The Field Afar paper
Mollie assisted in mission education–editing, translating and writing for The Field Afar.

Adapting to All Situations and Cultures

In the meantime, three other women besides Mollie had come forward to offer their services to Father Walsh’s mission effort. They were Mary Louise Wholean, a graduate of Wellesley College, Wellesley, Massachusetts; Sara Sullivan, secretary to the dean at Harvard Medical School; and Mary Dwyer, a Boston businesswoman who contributed much of the machinery that was needed in publishing. In following years, women continued to come, all gathering around Mollie, the natural leader among them. Inevitably, as the women worked on The Field Afar in an atmosphere steeped in the church’s mission,they began to dream about someday being missioners themselves. It had occurred to Mollie while she was still a student at Smith that if Protestant women had a place in foreign missions, then why not also Catholic laywomen? For the women of Maryknoll, however, it was not to be that simple. Their dedicated life notwithstanding, they had no official standing as a group within the church, and therefore no stability or security. Because of their lack of official status, young women were discouraged from joining them.[8]

Mollie and the others realized that, to have a future in the mission field of the Catholic Church, they would have to establish themselves as a religious congregation. While they knew little about religious life, they knew that they wanted to be Sisters who could adapt to all kinds of situations and cultures. The Dominican Sisters of Sinsinawa, Wisconsin, who were entrusted with the final formation of the Maryknoll women, recognized the value of adaptability for missioners and purposefully fostered its development in the fledgling community.[9]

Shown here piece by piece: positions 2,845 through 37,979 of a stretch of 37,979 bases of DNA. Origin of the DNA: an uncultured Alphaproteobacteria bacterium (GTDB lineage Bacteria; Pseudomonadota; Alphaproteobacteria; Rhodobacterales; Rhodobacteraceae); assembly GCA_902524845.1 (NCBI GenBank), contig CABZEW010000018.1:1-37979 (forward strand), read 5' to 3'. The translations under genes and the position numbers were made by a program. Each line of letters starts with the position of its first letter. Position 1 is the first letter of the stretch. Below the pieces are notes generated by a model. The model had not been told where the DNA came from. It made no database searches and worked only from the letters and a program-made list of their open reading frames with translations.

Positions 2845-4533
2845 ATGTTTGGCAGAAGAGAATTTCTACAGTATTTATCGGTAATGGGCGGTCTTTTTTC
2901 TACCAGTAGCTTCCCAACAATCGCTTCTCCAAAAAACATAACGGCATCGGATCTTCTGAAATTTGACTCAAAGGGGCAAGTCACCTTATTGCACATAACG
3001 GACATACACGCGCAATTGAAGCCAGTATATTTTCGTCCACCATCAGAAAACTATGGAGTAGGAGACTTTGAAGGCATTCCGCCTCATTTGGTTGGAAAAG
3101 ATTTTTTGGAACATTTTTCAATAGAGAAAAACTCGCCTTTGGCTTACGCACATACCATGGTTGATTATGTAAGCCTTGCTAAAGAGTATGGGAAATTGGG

On February 14, 1920, thirty-five women welcomed the news from Archbishop Patrick Joseph Hayes of New York that they were now constituted as a bona fide religious congregation, with Mollie, now Mother Mary Joseph, as the official head of the group. From 1920 until her death, on October 9, 1955, Mother Mary Joseph spent her time and energy in the ongoing spiritual formation of the Maryknoll Sisters, who by 1955 numbered 1,160, had opened missions in twenty countries, and were serving racial minorities in six cities in the United States.

From this brief overview of Mother Mary Joseph’s life and path to Maryknoll, we turn to some aspects of the richness of her spiritual legacy.

The Presence of God

The most prominent feature of the endowment Mother Mary Joseph left to her Sisters of Maryknoll is the cultivation of the presence of God, which the Sisters identify as the taproot of her mentoring of the congregation. The presence of God, Mother Mary Joseph taught them, was the solid ground on which their relationships and all their mission activities rested.

Mother Mary Joseph often used the term “cultivate.” It was one of her signature words, and its frequent use suggests that she saw living in the presence of God as not automatic. It is not that God ever leaves us but that we are often oblivious of the Holy Mystery that enfolds us. She recognized that the Sisters would need to be active in their encounter with God’s presence, knowing that God would do the work, but not without them. She never suggested that it would be easy to balance a life of prayer with one of extreme activity.